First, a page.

As with all fishes, the most important element of maintenance is regular partial water changes, refilling with conditioned water. At least 25% of the tank volume should be changed every 14 days, and a weekly water change of the same amount is better. A larger water change, even at short intervals, will do no harm, but isn’t absolutely necessary. There will be no problems and no danger to the fishes if – for example during holidays – the partial water changes are suspended for 6-8 weeks, after which the regular water changes should be resumed. All suckermouth catfishes like current, so a powerful filter (turnover rate 2-4 times tank volume per hour is beneficial.
In the case of delicate species there should always be secondary plant material (humic acids, etc) in the aquarium; peat filtration, alder cones, or dead beech leaves can be used, or special liquid preparations added at every water change.
Aquarium and tankmates
Suckermouth catfishes are not active swimmers and have only a comparatively small urge to move around. They are substrate-oriented and virtually never swim in the open water (the only exception is the genus Rhinelepis, which is very rarely maintained in the aquarium). For this reason the aquarium size can be relatively small: around 5 times the eventual size of the fish long and 2-4 times wide. The depth of the tank is unimportant.
For the majority of species (Ancistrus, Hypostomus, L-number catfishes) the aquarium should contain plenty of hiding-places with a cave of suitable size for each individual. Suitable decor includes rocks, bogwood, and specially designed ceramic pipes. The majority of suckermouth catfishes of this group defend a small Individual territory where conspecifics are not tolerated, but can nevertheless characterised as fundamentally peaceful. Only large specimens of Acanthicus and Pseudacanthicus (cactus catfishes) are relatively aggressive, but again the aggression is aimed at conspecifics, in part because of their comparatively poor swimming ability. But a word of warning: if large suckermouth catfishes and freshwater stingrays are housed together then in some situations the rays can be seriously injured by the catfishes.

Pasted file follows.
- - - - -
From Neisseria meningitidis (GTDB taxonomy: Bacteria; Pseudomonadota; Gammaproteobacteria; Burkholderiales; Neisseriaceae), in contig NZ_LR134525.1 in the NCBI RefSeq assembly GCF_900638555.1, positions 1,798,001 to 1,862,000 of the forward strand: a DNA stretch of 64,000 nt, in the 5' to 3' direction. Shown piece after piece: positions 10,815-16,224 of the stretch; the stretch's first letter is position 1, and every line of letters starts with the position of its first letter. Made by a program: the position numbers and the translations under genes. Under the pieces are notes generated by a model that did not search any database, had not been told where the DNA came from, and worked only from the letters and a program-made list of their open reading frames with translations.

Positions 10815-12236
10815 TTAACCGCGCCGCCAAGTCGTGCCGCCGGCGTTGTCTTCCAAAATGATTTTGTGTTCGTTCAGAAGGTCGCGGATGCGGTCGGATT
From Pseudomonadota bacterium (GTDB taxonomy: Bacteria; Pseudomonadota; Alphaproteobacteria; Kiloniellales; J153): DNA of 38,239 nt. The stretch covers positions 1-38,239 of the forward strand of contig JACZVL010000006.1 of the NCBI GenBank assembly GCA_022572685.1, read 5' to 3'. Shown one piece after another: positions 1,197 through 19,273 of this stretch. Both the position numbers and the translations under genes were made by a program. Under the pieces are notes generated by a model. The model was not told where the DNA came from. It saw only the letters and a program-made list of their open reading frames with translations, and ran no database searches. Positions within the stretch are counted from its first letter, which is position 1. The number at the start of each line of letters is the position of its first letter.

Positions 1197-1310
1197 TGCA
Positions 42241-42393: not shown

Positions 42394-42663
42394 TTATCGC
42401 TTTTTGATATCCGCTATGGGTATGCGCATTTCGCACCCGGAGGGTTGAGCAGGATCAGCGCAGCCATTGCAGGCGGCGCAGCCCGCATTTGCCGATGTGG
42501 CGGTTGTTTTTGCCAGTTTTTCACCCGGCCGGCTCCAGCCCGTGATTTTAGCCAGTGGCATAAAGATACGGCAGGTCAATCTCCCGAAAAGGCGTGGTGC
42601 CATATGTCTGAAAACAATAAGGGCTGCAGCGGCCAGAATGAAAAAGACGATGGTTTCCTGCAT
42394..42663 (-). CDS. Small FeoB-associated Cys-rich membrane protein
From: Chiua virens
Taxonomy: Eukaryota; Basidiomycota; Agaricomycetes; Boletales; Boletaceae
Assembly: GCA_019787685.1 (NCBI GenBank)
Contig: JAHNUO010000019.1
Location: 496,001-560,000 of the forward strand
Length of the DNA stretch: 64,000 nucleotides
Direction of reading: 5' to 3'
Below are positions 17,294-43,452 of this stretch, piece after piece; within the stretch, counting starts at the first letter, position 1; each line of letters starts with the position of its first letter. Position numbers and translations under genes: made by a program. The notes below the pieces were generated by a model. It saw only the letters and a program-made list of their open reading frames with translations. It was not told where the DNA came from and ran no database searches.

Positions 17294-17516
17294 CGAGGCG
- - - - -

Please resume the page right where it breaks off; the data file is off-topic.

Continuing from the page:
The majority of Loricaria, Hemiodon, Pseudohemiodon, Spatuloricaria, etc require specially decorated aquaria. These species live on sandy bottoms and require the largest possible bottom area with a fine sandy substrate and only sparing decor otherwise. Smaller members of the group (Rineloricaria, Hemiloricaria) also require breeding caves.
A third ecological group, comprising the dwarf suckermouths (Otocinclus, etc), the twig catfishes (Farlowella), and the whiptail cats (Sturisoma and related genera), should be kept in well-planted aquaria. These species do not require caves.
All suckermouth catfishes are long-lived fishes: the small species (Otocinclus) can live for several years, and large ones even for decades.
The majority of species of suckermouth catfishes grow relatively slowly. Small species are usually full-grown after a year, medium-sized (8-15 cm) after two years. The growth rate of larger (30-40 cm) species in the aquarium depends very much on the availability of food and space, with most of these species likewise attaining their eventual size in their second or third year of life.
Suckermouth catfishes (labelled “L-catfishes”) are currently the “in” fishes in the aquarium hobby, and very many species, local variants, individual variants, and cultivated forms are seen on the market. Please check out the label on the sales aquarium for the potential eventual size and special details of any fishes that interest you.